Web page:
These two poems are both written concerning the same subject of War. Owen writes from a personal viewpoint, recanting the horrific events he lived through during the Great War and exploring the mythical status of the soldier by using images that are unexpected of a soldier.
“Bent double like old beggars under sacks…coughing like hags.”
People expected soldiers to be strong, young and healthy fighters with a strong sense of patriotism, but instead see images of weak, vulnerable despairing men.
The main theme in his poem, of how it is not sweet and just to die for one’s country, is presented by the way in which he describes the scenes, showing his anti-war feelings to the reader.
This poem was originally a personal letter aimed at one of Owen’s opponents, Jessie Pope. She wrote pro-war poetry that encouraged young men to join the army “with such high zest”; this can be seen throughout the poem, but particularly strongly in the last stanza where Owen seems to be telling the story as it is happening in real life.
Owen was later dissuaded from sending this to her alone by Siegfried Sassoon, and adapted his poem to address a wider audience- the supporters of the war.
He forces the reader to experience the war with him, making the reader feel almost as strongly as himself by showing his pure hatred. This can be shown for example when he says:
“His hanging face, like a devil sick of sin”
This creates an image of the soldier spitting out the words with such hatred at the moment one of the soldiers dies from the gas attack.
Auden writes before the outbreak of World War II, from a different point of view to that of Owen. He writes from the viewpoint of a group of German Jews, fleeing the Nazis. He strongly conveys the feelings of not belonging and persecution against the Jews, for example:
“If we let them in, they will steal our daily bread”
“Dreamed I saw a building with a thousand floors,
A thousand windows and a thousand doors;
not one of them was ours, my dear, not one of them was ours.”
This shows how they were not accepted by the countries and people who thought they could ignore the problem by denying the Jews into their environment.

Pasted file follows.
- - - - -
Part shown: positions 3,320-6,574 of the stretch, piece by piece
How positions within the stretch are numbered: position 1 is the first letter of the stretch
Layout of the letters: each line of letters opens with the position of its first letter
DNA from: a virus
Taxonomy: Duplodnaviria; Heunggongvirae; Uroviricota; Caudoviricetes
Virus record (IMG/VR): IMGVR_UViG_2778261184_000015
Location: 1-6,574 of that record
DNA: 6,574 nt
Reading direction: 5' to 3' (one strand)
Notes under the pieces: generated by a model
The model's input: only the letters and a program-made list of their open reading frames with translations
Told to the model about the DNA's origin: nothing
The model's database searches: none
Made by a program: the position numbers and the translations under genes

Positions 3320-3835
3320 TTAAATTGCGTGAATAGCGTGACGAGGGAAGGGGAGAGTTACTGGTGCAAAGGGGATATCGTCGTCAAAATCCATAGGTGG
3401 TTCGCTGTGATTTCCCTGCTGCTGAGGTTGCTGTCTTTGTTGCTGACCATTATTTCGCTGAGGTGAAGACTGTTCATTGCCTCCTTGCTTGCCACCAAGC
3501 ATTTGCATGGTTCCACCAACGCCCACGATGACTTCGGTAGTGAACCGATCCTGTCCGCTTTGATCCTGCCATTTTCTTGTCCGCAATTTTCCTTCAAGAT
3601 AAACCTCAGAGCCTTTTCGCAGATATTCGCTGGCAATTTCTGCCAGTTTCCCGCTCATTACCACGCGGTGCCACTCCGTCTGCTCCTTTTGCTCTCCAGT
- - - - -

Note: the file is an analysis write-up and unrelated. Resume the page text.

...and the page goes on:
There appear to be three different protagonists within the poem:
The Country officials and people within the countries acting as bystanders; ignoring the people hoping that the problem will go away if they cant see or experience it themselves. Hitler and the Nazis acting as the perpetrators, wanting to hunt down and exterminate all the Jews, and finally the victims being the Jewish people in Europe, having been persecuted throughout history.
This is shown when Auden writes:
“Once we had a country and we thought it fair,
Look in the atlas and you’ll find it there:
We cannot go there now, my dear, we cannot go there now.”
Auden writes from a Jewish point of view, although he wasn’t in fact Jewish, and spent most of the war in America.
Auden’s usage of these three different viewpoints contrasts the way Owen uses the soldiers and himself, as the protagonists, making them seem heroic in the way they put up with the traumatising events and appalling conditions of the war,
“Men marched asleep, many had lost their boots, but limped on, blood-shod…”
“If you could hear, at every jolt, the blood
Come gargling from the froth-corrupted lungs”…
He shows that he is present and acting within the troop and that they are helping each other by using the 1st person plural:
“We cursed through the sludge”
“If in some smothering dreams, you too could pace behind the wagon that we flung him in, and watch the white eyes writhing in his face”
Owen’s poem also creates a strong image of hatred towards the people who want the war to continue, the antagonists of the poem, prolonging the soldier’s arduous duties. He does this by showing how the soldiers wanted to do everything they could o help, but because of their lack of energy, they could only watch ‘through misty panes’ ‘before [their] helpless sight’. This is further explained during the gas attack:
“And floundering like a man in fire or lime. –
Dim through the misty panes and thick green light
As under a green sea, I saw him drowning.”
Owen uses the second stanza to quicken the pace of the poem and to bring the atmosphere and morale surrounding the soldiers even lower. Previously he described them ‘trudging through the sludge’ and now they are frantically fitting their gas masks in ‘an ecstasy of fumbling’ until they reach the nadir of their energy and will to live. This can be shown by the lines: